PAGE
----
With regard to CLR’s challenges to its own evaluation and to the source selection decision, our review of the record demonstrates that while the SST’s underlying evaluation sheets may reveal certain inconsistencies with the agency’s evaluation, the record shows that those errors were not carried forward by the contracting officer in the SSD, and did not impact the award decision.[5] Most importantly, the tradeoff decision hinged largely on aspects of the evaluation that CLR failed to timely challenge. Specifically, the contracting officer was principally concerned with CLR’s marginal past performance rating, noting that CLR has had issues with “responsiveness to timely snow and ice removal, lighting issues, carpet replacement issues, and patient safety issues related to the building grounds.” SSD at 14. In comparison, the contracting officer cited Charles Miller’s favorable past performance, as well as the new construction nature of its building, its desirable design features, and its location with access points from both a major thoroughfare and a less-traveled, potentially safer road. Since CLR cannot now challenge Charles Miller’s excellent ratings, or its own negative past performance information, we can find no error in the contracting officer’s decision to pay a small premium in order to make award to the higher-rated Charles Miller proposal. CLR’s timely filed allegations are simply insufficient to cast doubt on the agency’s award decision.[6]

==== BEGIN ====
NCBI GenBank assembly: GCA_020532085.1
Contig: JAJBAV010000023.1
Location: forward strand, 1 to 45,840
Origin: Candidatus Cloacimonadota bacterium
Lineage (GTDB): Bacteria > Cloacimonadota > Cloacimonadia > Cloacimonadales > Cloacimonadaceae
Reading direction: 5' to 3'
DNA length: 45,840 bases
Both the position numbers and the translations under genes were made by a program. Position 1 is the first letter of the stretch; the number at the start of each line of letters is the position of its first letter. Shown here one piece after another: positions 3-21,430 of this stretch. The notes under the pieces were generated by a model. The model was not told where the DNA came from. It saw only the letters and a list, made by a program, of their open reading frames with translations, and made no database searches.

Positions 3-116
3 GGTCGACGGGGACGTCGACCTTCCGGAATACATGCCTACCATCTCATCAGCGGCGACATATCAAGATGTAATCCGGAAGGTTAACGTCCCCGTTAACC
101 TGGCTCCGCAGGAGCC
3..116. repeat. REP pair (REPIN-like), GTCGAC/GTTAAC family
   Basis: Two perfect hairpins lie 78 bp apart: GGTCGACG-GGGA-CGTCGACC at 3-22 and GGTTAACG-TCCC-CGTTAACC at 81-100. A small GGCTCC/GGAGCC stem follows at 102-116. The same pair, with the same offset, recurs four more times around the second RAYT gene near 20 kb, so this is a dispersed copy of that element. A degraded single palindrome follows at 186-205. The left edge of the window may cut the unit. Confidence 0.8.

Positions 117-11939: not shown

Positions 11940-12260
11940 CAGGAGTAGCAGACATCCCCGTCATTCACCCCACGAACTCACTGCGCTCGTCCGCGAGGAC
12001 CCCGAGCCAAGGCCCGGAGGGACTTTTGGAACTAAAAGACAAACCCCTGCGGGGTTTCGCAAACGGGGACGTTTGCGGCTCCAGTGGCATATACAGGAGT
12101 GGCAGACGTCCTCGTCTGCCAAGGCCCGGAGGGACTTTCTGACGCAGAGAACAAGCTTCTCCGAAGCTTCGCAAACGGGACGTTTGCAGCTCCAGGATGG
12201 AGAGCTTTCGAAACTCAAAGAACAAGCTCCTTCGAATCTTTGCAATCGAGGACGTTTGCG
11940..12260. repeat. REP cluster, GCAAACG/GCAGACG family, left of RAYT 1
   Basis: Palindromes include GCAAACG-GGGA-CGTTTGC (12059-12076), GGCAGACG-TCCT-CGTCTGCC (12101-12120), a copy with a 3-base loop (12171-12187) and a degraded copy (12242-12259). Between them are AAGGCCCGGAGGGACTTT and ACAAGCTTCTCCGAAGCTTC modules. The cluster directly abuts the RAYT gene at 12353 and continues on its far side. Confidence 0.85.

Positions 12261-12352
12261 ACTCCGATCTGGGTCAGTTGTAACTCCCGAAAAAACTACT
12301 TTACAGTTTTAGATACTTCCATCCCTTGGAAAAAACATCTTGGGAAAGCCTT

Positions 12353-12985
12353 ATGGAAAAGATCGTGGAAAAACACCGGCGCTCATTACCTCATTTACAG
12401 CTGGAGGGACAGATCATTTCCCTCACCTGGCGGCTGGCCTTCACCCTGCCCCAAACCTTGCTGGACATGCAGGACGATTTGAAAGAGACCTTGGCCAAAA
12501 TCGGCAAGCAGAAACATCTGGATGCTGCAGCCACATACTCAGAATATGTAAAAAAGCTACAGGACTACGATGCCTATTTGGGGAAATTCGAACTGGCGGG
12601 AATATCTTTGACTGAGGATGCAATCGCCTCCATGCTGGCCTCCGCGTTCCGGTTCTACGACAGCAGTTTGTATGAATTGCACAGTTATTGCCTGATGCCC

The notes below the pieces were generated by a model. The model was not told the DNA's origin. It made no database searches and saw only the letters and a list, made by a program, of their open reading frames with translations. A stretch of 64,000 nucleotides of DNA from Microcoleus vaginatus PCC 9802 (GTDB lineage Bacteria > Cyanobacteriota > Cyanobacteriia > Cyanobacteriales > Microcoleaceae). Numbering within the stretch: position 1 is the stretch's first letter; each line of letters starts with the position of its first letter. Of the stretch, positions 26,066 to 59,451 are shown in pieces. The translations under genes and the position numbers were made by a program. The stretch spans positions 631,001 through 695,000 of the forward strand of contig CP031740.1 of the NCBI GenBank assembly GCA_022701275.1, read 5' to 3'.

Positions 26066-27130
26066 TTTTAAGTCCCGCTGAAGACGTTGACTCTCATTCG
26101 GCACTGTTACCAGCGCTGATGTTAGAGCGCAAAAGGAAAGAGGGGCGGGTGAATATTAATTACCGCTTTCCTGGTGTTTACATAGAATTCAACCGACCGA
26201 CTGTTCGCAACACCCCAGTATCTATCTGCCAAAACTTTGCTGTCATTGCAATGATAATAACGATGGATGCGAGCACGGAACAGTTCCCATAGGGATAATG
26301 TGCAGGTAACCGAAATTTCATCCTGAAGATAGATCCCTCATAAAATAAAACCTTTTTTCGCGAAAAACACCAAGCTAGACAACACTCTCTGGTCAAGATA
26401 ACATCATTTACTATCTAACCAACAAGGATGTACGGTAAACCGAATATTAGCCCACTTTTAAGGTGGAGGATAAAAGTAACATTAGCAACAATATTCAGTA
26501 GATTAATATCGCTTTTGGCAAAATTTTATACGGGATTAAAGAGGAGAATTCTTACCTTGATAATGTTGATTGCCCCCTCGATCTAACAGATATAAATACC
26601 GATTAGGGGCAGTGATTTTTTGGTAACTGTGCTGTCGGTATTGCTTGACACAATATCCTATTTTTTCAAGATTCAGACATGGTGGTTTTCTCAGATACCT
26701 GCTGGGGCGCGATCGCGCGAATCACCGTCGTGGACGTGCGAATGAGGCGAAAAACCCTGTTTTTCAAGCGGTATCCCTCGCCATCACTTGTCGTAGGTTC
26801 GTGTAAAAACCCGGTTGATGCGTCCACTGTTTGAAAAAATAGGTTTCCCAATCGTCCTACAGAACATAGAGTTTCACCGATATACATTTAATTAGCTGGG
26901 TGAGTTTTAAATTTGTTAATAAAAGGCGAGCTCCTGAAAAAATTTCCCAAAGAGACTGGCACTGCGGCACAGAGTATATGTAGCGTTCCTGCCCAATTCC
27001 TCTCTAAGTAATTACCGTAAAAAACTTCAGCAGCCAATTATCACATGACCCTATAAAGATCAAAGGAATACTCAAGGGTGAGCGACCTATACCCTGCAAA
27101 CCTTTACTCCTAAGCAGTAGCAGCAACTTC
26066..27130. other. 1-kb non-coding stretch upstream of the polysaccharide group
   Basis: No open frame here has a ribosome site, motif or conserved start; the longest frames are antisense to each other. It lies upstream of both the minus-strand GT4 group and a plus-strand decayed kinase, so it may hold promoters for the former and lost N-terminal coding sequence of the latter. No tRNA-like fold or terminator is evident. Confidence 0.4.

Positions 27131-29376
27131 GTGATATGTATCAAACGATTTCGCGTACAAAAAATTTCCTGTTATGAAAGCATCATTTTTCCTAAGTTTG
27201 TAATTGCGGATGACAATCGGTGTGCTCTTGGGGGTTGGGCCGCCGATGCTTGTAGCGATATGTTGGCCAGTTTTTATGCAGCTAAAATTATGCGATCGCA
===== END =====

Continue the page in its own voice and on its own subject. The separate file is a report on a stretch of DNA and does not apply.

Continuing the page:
Turning to CLR’s various allegations of bias or bad faith on the part of the contracting officer, such allegations must be supported by convincing proof; government officials are presumed to act in good faith and our Office will not attribute unfair or prejudicial motives to them on the basis of inference or supposition. PAI Corp., B-298349, Aug. 18, 2006, 2006 CPD ¶ 124 at 2.